The Lifespan of Ash Trees

Updated February 21, 2017

The ash tree of the Fraxinus family is common in various parts of the world including Europe and North America with over 60 species of ash trees. Although it shares the same name the mountain ash is not a member of the ash tree family.


The common ash tree which is native to Northern Europe usually live no longer than 250 years with full maturity achieved after around 100 years.


For an ash tree to remain healthy and live to its maximum possible lifespan it must be planted in nutrient rich moist soil in a position with full sun.


One of the most common problems that affects the lifespan of the ash tree is the vast space it requires for its root system. Ash trees often fail when they have to fight with other plants and trees for nutrients in the soil.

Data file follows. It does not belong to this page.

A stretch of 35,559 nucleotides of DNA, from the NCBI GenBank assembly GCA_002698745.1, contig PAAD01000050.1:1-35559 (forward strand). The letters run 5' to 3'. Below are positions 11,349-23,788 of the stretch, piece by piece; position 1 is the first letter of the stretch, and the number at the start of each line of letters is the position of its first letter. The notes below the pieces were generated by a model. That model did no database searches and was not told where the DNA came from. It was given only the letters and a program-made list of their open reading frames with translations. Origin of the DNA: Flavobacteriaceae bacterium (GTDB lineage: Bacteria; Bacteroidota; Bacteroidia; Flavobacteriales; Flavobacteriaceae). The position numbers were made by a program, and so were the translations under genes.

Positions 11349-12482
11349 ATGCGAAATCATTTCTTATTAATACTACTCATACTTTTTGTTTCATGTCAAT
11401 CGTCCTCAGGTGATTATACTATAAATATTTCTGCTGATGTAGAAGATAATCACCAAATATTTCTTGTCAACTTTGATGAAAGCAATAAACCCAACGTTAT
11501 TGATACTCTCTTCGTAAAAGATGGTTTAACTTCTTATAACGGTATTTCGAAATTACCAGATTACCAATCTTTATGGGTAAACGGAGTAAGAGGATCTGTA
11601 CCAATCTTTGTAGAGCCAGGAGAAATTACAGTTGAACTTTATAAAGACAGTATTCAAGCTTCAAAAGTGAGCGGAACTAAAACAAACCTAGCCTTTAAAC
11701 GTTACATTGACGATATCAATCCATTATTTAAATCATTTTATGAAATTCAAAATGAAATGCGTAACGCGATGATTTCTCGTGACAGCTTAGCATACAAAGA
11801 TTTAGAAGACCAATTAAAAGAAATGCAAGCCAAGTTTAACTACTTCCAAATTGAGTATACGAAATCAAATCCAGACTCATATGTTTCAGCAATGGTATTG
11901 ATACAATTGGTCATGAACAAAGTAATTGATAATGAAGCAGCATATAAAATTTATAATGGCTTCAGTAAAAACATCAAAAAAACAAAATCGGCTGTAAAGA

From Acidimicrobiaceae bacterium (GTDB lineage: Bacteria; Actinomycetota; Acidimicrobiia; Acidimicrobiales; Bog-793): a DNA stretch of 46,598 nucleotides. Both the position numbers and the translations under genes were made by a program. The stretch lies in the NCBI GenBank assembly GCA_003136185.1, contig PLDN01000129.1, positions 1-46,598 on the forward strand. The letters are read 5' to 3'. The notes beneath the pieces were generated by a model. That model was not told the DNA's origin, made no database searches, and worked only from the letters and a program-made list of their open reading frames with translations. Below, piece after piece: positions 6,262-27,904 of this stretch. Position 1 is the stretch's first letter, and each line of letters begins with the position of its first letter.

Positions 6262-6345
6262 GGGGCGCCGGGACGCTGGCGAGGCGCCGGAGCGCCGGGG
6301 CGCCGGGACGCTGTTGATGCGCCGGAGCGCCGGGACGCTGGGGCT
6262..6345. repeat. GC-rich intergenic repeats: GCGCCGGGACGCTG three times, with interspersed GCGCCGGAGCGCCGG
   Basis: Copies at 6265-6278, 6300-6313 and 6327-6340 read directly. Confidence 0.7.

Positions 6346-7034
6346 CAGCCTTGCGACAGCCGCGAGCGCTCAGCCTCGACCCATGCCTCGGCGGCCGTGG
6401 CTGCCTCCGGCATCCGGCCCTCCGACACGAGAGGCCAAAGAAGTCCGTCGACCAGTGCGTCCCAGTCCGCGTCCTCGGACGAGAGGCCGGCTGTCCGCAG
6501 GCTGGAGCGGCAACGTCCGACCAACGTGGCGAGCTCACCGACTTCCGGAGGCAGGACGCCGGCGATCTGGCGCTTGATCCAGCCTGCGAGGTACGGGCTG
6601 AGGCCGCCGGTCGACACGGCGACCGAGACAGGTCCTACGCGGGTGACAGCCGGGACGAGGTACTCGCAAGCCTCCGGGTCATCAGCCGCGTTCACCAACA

A healthy ash tree will achieve a height of between 50 and 80 feet and width of between 50 and 90 feet during its lifetime.


The white ash tree produces the largest leaves of all the family which are green in the spring and summer turning yellow or purple in the fall. During its life a healthy ash tree will flower after only 30 years.

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About the Author

Paul Cartmell began his career as a writer for documentaries and fictional films in the United Kingdom in the mid-1990s. Working in documentary journalism, Cartmell wrote about a wide variety of subjects including racism in professional sports. Cartmell attended the University of Lincoln and London Metropolitan University, gaining degrees in journalism and film studies.